But while discussions continue over how, where and to whom Elian should be handed over, the question of whetherhe should be reunited with his father appears to have faded from the agenda. And even the demonstrators gathered outside Lazaro's Little Havana house now appear to have resigned themselves to the inevitability of Elian's transfer to his father's care. "We have fought the battle," Ramón Saul Sánchez, who has led demonstrations outside the house, told the New York Times. "What Elián is going to remember is that these people here did not betray him." His use of the past tense is significant, however: Sanchez explained that rather than a confrontation, the demonstrators planned one last candlelight vigil, adding that "We will cope."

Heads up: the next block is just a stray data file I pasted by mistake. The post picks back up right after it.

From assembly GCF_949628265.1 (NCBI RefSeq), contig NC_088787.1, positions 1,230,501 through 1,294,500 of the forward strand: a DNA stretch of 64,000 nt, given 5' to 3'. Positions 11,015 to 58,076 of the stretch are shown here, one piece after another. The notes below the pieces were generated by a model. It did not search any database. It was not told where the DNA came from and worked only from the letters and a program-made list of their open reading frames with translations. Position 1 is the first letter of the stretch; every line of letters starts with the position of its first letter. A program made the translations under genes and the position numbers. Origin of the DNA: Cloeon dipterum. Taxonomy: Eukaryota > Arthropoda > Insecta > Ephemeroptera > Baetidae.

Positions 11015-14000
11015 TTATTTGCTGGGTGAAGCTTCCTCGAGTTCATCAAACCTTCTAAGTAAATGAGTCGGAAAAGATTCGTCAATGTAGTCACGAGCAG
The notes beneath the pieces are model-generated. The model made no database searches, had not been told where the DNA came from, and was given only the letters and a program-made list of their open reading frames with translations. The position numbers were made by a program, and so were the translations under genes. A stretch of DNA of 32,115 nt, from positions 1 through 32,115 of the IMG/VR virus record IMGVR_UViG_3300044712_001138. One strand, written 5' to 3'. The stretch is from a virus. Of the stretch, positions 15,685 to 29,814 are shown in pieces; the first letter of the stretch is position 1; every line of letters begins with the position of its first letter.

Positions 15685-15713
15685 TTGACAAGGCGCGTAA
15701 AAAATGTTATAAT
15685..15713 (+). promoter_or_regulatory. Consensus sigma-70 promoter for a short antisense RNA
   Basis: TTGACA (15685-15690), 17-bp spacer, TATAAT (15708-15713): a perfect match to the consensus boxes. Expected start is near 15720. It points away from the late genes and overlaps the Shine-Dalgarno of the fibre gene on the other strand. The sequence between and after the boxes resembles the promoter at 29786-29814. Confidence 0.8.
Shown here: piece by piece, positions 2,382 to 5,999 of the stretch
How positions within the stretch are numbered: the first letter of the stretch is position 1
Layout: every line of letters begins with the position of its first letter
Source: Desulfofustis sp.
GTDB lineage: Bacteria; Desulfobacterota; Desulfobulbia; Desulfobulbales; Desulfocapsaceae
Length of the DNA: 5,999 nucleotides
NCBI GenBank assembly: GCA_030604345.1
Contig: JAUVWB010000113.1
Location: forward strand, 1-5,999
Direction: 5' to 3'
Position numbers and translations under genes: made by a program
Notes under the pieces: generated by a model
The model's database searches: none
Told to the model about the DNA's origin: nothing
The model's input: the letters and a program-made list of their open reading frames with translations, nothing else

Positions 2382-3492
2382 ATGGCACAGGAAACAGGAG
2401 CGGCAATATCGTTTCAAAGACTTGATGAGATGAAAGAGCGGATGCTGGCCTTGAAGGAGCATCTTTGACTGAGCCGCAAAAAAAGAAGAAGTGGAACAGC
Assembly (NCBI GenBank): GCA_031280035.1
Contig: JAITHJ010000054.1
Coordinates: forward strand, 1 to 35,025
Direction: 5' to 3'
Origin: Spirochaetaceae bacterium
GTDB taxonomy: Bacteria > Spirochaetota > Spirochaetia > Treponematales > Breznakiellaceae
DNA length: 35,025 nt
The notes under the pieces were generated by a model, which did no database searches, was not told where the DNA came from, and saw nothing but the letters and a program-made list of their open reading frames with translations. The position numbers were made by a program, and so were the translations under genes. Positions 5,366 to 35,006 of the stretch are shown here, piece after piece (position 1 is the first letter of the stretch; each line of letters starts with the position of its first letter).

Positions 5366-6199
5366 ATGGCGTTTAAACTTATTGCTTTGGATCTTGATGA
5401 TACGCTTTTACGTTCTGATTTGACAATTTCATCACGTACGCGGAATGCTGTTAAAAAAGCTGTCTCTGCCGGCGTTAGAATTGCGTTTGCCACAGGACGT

The sea change in atmospherics surrounding the handover appears to reflect political realities for all parties concerned. Spurred on, no doubt, by poll numbers that consistently reflect Americans being two to one in favor of returning Elian to his father, the Clinton administration has reasserted government authority in the matter. Previously, the administration's uncertainty and Vice President Gore's desertion had emboldened Cuban exile community to threaten turmoil if the government attempted to remove Elian from his great-uncle's home. But Reno's approach over the past week has been to lay down the law to the Miami relatives, and then be flexible about the details of its implementation. And that's left the exile activist leadership with little choice, because a last stand in defiance of Washington in a battle that can't be won on the streets might prove fatal to their long-term political standing in the capital. But although the drift in the Elian Gonzalez saga is now away from confrontation, nothing is quite certain in a case that has ignited such fierce emotions.